Advent of Code 2022 in Oracle - Day 5

My solution for the fifth day of the Advent of Code 2022 challenge "Supply Stacks" with Oracle. Its starting to get complex...

Solution for Day 4

As I enjoyed my weekend yesterday I did not describe my solution for day 4. I still solved it you can find my solution on GitHub. Spoiler: it was fairly easy with SQL. For today’s challenge, I used a fairly complex approach (I struggled a lot…).

Advent of Code

Advent of Code is a cool yearly programming challenge. Each day from 1st to 25th December a new challenge appears. You can solve it in any programming language you like. After deepening my Go skills last year I will do this in Oracle (so PL/SQL and SQL) this year.

I try to blog about my solutions but I won’t make it every day or give up after a while as they get more difficult and time-consuming. You can find my solutions for this year in this repository.

I really suggest you check Advent of Code out yourself as it is a lot of fun and you will improve your problem-solving skills.

The challenges are clearly phrased with a simple example you can do in your head. You then get a way bigger generated and user-specific input and have to solve the challenge with that. You have to enter a solution in an input field and get a star for each day you solved. There is also a second challenge every day where you have to adapt some part of your algorithm to solve it.

Challenge 1

You can find the challenge here.

The elves have a crane and different stacks of goods. We get the initial stack setup in the first part of the input. Below that we get a list of commands to move the goods around. We need to find the topmost good in every stack after all commands are executed.

This is the sample input:

Solving challenge 1

Parsing the initial stack setup

We first need to parse the initial stack setup. To make it easier to parse I want to change the not filled goods from spaces to [-]. Basically, I want it to look like this:

This was more complex than I thought. As an empty box is represented as three spaces I replaced four spaces with [-]. This works great except for an empty box in the first stack:

So I needed to add another replace that adds a space between two boxes that are not separated by a space. An additional trim removes the leading space. I then excluded all not stack lines with a simple like resulting in the following query:

My next step is to get each box in a single line. In the real input, the amount of stacks is 8 instead of 3 so I need this query to work for any amount of stacks. To achieve that I generated the rows with a hierarchical query and got each box with a regexp_substr:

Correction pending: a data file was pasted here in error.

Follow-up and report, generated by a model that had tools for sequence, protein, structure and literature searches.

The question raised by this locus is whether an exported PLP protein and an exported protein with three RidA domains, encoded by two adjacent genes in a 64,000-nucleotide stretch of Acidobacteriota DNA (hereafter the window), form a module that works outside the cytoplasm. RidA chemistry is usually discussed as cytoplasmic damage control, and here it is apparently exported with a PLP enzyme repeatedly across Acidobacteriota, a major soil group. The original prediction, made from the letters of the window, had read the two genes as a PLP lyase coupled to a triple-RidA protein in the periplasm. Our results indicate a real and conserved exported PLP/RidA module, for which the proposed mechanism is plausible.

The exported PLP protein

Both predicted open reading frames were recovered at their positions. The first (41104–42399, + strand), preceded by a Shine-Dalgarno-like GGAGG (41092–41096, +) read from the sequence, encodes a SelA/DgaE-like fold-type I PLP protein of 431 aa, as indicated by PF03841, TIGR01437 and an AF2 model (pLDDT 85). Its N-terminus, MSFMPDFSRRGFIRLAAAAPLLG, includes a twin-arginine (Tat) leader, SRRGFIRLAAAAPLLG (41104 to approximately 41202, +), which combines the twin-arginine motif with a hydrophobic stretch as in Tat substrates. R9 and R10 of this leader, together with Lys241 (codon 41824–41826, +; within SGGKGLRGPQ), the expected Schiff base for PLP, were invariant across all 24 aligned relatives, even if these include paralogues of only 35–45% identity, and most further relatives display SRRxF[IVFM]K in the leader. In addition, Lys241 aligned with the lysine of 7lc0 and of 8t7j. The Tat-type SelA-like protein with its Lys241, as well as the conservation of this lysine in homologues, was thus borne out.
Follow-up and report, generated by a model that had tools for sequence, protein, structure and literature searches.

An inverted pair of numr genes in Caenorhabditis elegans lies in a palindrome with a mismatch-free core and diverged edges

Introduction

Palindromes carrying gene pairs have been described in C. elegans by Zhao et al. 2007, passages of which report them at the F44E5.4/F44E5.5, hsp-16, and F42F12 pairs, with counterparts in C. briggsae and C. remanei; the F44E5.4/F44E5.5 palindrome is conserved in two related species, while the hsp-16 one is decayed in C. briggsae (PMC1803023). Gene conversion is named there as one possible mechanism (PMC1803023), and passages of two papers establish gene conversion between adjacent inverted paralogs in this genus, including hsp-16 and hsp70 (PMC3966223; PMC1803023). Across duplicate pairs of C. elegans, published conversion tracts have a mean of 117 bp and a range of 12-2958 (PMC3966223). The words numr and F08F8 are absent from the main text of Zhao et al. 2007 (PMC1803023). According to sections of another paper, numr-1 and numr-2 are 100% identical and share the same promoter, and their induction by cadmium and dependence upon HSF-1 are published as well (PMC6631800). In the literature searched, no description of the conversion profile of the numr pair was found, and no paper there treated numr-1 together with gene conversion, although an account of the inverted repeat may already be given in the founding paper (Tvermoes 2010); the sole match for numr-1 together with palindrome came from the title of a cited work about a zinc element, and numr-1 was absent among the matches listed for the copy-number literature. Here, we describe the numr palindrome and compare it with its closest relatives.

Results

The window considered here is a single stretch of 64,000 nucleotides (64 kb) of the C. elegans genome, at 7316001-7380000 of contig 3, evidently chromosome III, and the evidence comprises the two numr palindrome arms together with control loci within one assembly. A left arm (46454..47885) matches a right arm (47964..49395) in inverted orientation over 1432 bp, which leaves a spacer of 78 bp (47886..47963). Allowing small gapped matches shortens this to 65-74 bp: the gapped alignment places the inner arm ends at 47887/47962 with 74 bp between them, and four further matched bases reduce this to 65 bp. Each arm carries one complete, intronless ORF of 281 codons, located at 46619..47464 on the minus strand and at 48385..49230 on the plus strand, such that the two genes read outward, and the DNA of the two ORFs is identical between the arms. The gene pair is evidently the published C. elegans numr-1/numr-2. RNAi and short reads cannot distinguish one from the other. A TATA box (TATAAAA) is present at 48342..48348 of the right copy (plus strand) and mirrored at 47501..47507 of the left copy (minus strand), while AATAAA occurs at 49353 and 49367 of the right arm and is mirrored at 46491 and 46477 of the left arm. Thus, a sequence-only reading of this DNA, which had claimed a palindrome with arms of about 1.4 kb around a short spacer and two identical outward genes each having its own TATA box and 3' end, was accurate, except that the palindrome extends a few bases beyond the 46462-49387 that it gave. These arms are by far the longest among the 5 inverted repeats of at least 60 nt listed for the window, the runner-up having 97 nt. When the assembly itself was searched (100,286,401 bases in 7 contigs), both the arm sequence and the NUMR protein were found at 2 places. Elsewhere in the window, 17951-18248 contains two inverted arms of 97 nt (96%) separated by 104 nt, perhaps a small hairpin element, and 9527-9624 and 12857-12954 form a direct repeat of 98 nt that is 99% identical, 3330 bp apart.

I got the hierarchical query approach from Kim Berg Hansen’s book Practical Oracle SQL. I highly recommend it if you want to deepen your SQL skills.

Parsing the crane inputs

Getting the crane inputs into a relational structure is fairly easy. We need to split the input by lines, only get the ones that start with move, and then extract the relevant information with regexp_substr:

Store stack state

To simulate the crane inputs we need to keep track of the current state of the stacks. For that I created a PL/SQL map / associative array I can access via the stack number. Each entity holds another array of the blocks in the stack indexed by the block number (1 lowest stacking up to X).

To set up the initial state I used a bulk collect query for each stack:

Simulating the crane inputs

To process the crane inputs I looped over every entry of the stored moves. In there I need another loop to process multiple blocks being transferred from the same stack one after another. The moving part itself is just getting the last block of the “from” stack and adding it to the “to” stack. And don’t forget to delete the removed block from the “from” stack:

Output sequence

After all moves are processed we can get the final sequence by logging the top block of every stack:

You can check out the full solution here.

Challenge 2

Part 2 just needs a small change to process the crane inputs. In the first part, the crane moved one box at a time meaning that when it moves more than one block the order gets reversed during this process.

In the second part the crane instead grabs multiple blocks at once and moves them in the same order they were stacked.

Solving challenge 2

To achieve that I first collect all blocks from a single move operation in a temporary array and then move them to the new stack in the same order with a reversed loop:

You can check out the full solution here.

I really enjoyed this challenge. I can imagine that there are many different approaches to solving it. I would love to see your solutions.


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